They’ve since filed an application for development entitlements that would transform Tahoe with development of a size, scale and scope the region has never seen, including a series of ten-story tall high rises and an indoor water park. And, as of Monday, they’ve proposed a connection between their ski resorts.
The new gondola, announced with great fanfare, would run 2 1/2 miles from Squaw Valley to Alpine Meadows, over the intervening White Wolf property − and through land designated by Congress for protection since 1984 as the Granite Chief Wilderness Area.
Its route, illustrated in designs prepared by resort developer SE Group, would run from the Village at Squaw Valley to a point on the ridge northwest of the famed KT-22 lift.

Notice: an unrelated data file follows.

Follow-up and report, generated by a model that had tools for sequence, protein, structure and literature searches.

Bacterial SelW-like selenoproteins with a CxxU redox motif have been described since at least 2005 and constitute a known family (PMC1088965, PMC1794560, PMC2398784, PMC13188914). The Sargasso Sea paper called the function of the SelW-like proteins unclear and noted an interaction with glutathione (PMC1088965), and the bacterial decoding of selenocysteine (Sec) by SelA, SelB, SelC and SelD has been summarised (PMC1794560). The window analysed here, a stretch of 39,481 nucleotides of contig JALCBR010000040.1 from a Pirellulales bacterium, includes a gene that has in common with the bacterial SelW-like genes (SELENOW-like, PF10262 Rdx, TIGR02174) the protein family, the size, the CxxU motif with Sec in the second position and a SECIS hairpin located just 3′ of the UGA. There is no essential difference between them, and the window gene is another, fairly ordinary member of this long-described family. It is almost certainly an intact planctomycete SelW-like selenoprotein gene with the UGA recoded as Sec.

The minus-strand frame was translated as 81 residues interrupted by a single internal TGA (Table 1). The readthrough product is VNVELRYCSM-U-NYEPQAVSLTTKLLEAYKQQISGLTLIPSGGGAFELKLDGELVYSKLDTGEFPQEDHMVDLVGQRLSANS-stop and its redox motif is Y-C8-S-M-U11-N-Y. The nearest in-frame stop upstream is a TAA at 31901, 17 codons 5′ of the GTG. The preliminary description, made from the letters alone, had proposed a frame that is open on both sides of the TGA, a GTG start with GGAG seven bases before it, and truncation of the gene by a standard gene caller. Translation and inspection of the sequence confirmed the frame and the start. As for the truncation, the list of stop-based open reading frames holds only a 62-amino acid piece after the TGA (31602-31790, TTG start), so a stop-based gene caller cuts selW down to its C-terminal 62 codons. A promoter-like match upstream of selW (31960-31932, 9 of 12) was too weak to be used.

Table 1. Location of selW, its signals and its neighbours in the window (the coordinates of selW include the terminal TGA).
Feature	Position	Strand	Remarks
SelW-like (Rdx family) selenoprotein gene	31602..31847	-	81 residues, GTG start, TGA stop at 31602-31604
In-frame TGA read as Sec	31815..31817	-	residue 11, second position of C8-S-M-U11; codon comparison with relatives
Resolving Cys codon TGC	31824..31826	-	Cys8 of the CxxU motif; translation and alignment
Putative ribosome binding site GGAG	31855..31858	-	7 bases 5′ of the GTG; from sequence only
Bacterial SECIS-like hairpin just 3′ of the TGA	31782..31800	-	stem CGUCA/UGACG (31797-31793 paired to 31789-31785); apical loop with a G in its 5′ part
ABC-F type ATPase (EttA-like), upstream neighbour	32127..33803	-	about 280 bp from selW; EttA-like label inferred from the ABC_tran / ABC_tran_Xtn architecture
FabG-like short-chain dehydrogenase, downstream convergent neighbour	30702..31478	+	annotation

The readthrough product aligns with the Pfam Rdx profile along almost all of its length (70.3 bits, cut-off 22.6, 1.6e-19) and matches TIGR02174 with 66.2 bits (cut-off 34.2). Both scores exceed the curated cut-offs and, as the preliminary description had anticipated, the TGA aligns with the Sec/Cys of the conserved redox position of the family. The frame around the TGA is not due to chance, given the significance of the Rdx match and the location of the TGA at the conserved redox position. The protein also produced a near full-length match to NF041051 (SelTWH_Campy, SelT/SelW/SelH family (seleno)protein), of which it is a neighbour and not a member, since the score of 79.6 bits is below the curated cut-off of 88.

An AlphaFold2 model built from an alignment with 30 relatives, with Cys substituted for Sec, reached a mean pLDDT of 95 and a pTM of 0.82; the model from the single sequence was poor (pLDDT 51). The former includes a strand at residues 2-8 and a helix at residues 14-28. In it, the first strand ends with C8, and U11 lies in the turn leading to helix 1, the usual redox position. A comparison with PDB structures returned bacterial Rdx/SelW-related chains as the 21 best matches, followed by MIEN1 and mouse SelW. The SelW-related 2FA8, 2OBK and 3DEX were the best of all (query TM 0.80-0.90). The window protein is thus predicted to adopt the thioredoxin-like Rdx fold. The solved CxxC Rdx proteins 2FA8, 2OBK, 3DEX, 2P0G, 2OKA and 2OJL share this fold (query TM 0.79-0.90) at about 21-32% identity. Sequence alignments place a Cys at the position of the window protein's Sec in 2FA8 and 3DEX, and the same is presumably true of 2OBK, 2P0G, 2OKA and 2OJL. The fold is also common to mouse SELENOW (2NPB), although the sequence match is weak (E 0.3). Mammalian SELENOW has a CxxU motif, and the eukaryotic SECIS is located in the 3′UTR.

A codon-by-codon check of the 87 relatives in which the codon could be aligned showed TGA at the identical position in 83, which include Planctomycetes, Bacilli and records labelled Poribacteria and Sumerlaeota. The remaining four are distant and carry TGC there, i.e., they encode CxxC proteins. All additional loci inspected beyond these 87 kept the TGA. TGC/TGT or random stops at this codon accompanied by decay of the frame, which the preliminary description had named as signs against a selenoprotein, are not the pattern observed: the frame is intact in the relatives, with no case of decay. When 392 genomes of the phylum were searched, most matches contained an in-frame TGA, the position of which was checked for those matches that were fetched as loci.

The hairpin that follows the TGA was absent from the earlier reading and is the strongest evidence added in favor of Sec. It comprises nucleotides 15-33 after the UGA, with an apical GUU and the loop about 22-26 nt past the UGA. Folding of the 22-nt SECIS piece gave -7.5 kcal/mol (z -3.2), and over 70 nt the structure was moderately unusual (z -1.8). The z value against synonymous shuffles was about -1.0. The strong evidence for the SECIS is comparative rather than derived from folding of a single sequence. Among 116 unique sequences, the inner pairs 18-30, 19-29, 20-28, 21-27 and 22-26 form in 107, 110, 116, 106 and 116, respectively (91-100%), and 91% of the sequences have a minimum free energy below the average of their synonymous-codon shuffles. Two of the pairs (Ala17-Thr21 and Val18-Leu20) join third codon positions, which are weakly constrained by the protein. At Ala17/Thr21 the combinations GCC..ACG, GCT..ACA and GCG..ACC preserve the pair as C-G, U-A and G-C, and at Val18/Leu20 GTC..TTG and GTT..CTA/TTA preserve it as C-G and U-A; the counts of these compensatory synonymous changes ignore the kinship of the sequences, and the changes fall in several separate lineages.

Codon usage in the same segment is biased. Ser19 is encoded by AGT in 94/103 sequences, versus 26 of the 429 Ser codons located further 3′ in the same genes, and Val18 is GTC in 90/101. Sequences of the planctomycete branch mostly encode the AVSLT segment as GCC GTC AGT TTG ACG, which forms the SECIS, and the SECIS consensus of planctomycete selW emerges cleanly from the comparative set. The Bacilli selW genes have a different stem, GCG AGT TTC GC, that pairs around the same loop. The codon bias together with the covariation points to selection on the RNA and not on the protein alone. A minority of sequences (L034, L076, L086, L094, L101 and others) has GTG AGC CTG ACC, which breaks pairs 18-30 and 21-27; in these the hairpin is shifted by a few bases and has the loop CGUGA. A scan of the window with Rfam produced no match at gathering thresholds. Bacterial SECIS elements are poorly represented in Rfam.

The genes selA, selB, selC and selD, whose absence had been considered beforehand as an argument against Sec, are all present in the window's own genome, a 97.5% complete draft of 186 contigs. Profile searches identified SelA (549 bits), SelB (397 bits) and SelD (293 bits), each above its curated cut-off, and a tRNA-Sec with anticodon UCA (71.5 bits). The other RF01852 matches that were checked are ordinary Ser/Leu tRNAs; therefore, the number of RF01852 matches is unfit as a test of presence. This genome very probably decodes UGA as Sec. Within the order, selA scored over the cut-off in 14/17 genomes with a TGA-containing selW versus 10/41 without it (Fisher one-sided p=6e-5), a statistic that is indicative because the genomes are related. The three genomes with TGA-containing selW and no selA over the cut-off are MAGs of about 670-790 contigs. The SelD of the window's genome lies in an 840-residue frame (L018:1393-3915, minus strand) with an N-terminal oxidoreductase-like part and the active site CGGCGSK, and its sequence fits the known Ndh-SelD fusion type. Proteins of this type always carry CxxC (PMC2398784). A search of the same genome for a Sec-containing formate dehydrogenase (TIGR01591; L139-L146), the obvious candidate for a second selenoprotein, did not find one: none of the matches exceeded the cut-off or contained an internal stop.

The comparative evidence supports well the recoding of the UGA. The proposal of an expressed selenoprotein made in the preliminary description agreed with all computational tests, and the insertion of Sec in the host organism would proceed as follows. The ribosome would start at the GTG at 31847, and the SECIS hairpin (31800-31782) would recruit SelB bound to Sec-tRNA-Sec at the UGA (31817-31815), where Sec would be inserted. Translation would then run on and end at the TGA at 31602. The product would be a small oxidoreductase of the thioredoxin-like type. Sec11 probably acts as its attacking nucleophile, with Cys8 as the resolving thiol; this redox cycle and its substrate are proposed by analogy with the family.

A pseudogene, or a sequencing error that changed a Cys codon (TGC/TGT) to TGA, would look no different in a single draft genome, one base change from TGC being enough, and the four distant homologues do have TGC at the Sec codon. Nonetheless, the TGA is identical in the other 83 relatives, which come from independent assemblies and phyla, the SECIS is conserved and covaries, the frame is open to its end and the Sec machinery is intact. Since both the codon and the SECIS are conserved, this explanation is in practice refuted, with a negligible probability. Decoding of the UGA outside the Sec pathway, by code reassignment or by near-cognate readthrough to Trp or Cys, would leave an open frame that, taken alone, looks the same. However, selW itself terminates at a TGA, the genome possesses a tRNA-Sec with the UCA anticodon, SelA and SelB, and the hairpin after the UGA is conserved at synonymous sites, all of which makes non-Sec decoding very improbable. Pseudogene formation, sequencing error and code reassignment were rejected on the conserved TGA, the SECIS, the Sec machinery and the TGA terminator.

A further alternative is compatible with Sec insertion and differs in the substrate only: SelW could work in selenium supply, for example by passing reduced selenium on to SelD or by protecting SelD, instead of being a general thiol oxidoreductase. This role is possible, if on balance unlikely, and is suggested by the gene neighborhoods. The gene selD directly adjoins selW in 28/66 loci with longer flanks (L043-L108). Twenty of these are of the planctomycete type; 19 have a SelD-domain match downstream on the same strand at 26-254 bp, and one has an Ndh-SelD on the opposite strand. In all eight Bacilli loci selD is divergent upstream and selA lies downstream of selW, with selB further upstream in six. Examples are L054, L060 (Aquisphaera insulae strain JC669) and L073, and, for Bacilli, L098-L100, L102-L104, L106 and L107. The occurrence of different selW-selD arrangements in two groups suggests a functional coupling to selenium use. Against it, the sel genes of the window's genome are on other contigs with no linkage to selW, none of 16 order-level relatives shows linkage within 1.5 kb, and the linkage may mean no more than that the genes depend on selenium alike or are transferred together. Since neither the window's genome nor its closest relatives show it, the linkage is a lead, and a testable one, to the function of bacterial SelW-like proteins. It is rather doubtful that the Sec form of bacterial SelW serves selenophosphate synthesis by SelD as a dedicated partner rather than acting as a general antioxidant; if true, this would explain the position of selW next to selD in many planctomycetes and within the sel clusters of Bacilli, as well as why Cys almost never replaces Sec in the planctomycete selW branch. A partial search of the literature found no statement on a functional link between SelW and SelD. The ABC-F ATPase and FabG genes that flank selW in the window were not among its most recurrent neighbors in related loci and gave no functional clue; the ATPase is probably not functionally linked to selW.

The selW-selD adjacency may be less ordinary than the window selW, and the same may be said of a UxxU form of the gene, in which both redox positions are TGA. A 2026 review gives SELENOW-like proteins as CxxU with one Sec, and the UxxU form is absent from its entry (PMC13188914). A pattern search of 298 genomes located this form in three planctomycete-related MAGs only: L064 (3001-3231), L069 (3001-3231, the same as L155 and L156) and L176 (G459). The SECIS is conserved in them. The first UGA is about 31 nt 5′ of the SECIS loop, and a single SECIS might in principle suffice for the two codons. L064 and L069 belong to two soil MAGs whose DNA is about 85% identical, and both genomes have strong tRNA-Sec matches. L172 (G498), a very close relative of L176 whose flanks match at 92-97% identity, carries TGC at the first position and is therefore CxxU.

From there it would head south across the congressionally designated Granite Chief Wilderness Area, with lift stations for offloading, on its way to publicly owned United States Forest Service property at the base of Alpine Meadows ski area.
When President Lyndon B. Johnson signed the Wilderness Act into law on Sept. 3, 1964, it marked perhaps the single greatest achievement in the history of conservation in America. The language of the law included some of the most profound text ever approved by Congress, recognizing the value of wilderness as “an area where the earth and its community of life are untrammeled by man, where man himself is a visitor who does not remain.” Johnson signed the bill into law “for all who love the great American outdoors” as “a faithful trust to the conservation of our natural resources and beauty” to ensure that “future generations are to remember us with gratitude rather than contempt.”